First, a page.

We thank you for your efforts to provide Peace Corps with the resources it needs to fuel the next generation of American leadership, and we respectfully ask that you make this $450 million investment in the agency for fiscal year 2022.

     

    Sincerely,

     

    John Garamendi
    Member of Congress

     

    Garret Graves
    Member of Congress

     


    Jonathan Pearson is Director of Advocacy for National Peace Corps Association.

  • Jonathan Pearson posted an article
    With your help we had another strong response in securing bipartisan support on this letter. see more

    A bipartisan letter from two members of Congress calls on colleagues to sign on to strong support for Peace Corps during this critical time.

    By Jonathan Pearson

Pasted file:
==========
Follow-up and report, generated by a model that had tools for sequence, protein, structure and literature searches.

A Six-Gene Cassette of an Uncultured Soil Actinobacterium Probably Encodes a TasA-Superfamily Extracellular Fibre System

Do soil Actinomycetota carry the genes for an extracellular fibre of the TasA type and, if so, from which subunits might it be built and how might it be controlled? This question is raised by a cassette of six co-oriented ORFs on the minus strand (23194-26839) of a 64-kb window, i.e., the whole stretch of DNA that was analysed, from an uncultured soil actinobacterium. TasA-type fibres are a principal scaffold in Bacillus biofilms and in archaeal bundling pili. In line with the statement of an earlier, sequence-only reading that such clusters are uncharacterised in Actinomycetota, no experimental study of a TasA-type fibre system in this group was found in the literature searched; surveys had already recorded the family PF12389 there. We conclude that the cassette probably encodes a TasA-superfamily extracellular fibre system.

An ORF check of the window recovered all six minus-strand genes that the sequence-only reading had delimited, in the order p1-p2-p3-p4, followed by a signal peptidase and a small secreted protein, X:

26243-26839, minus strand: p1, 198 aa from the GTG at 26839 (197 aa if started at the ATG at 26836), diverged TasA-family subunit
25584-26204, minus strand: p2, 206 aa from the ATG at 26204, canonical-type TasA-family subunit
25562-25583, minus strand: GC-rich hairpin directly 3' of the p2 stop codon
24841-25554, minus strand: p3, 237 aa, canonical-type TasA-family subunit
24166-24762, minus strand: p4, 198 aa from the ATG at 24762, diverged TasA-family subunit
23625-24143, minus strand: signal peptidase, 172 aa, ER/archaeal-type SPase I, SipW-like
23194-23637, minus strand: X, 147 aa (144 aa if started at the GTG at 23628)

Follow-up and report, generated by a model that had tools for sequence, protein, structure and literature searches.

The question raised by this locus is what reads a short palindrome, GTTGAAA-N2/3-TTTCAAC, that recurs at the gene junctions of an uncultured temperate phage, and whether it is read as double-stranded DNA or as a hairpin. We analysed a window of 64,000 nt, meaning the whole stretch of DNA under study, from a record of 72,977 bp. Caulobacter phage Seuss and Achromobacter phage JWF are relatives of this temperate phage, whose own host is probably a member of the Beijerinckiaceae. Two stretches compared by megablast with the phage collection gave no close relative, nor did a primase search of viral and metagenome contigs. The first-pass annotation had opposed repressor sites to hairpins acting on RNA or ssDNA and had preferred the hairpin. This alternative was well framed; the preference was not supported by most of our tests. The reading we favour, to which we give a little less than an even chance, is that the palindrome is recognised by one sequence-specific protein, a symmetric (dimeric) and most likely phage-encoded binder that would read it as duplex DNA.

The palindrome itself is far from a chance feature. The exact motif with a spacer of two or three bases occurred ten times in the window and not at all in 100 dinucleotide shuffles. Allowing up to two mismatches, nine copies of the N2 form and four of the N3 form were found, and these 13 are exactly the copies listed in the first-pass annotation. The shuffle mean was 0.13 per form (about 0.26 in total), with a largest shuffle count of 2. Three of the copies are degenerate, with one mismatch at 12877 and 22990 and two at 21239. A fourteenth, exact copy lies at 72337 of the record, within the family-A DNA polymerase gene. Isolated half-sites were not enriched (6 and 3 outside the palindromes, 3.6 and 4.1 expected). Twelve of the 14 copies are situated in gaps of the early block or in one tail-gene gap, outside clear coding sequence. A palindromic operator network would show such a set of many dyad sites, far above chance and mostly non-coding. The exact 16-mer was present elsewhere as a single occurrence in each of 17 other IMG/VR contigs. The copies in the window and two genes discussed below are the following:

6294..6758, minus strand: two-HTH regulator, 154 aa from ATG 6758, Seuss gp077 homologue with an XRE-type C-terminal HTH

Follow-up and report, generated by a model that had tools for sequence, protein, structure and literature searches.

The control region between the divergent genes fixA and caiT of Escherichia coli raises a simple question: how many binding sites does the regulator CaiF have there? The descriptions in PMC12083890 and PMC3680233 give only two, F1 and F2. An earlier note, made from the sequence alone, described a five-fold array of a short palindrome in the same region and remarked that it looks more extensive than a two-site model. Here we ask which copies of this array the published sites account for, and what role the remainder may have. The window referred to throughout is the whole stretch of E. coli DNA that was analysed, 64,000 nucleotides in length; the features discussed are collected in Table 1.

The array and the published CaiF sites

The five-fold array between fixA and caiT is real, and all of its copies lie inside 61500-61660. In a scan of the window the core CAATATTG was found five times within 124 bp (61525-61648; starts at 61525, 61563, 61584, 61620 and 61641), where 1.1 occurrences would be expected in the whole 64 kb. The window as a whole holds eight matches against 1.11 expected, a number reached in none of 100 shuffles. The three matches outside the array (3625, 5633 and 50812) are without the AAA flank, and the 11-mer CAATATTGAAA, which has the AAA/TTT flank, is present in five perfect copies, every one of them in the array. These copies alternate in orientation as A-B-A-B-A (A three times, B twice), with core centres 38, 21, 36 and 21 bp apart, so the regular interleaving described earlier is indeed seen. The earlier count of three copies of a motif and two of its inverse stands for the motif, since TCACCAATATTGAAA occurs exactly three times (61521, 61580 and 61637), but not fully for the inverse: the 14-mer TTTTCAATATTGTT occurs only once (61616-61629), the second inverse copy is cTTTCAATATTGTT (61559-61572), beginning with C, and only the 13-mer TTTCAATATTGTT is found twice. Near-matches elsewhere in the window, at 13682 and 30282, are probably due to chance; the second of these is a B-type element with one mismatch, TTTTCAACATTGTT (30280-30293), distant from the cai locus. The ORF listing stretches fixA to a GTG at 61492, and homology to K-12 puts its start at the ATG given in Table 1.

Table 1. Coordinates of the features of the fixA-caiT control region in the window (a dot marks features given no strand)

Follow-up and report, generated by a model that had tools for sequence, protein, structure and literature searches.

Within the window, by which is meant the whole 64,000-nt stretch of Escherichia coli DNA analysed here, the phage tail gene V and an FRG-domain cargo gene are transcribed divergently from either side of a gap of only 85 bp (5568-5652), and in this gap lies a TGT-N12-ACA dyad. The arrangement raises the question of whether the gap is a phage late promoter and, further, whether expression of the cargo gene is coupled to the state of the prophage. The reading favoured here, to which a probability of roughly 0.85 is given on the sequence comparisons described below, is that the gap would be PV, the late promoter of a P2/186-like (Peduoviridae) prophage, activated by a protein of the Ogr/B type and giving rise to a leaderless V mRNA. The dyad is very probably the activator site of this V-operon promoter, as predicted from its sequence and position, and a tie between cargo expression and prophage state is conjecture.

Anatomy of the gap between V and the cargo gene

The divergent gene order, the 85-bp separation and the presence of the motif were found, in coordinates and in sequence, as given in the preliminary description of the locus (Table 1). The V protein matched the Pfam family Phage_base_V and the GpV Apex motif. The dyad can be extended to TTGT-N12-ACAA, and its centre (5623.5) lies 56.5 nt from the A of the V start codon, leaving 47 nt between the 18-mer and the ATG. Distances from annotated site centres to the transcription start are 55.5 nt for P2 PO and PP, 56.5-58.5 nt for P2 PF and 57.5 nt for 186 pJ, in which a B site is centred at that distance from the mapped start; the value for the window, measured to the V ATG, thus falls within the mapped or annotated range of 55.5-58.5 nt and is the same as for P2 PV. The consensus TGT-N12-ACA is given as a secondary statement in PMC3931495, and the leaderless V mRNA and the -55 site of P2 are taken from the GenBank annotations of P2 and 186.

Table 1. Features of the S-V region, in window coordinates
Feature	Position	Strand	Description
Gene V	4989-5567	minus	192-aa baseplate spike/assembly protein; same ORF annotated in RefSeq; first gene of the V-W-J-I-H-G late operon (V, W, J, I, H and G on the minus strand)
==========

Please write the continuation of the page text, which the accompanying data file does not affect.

Congressman John Garamendi (D-CA) and Garret Graves (R-LA), Co-Chairs of the House Peace Corps Caucus, have issued a letter to the House Appropriations Subcommittee on State/Foreign Operations for some long-needed support — and to bolster funding as the agency undertakes to send Volunteers back into the field. The letter calls for increasing Peace Corps funding for Fiscal Year 2022 from $410 million to $450 million.

    You can read the final letter here, or see the list below for a state-by-state rundown of lawmakers who signed the letter.

     

    Take Action

    If your member of the House of Representatives is listed below, that means they signed onto the Peace Corps funding letter. If they signed the letter, send them a thank you message!

     

    Take Action Now

     

     

    Who Signed the Letter?

    Here are the lawmakers who signed the Garamendi-Graves Peace Corps Funding Dear Colleague Letter for Fiscal Year 2022. 

     

    DEADLINE to sign on: 10 AM Today, Monday, April 26, 2021

    SIGNATURES as of Monday, April 26, 10:00 AM: 156 (THIS LETTER IS NOW CLOSED)

     

    Alabama: Sewell

    Alaska: Young

    American Samoa: Radewagan

    Arizona: Gallego, Grijalva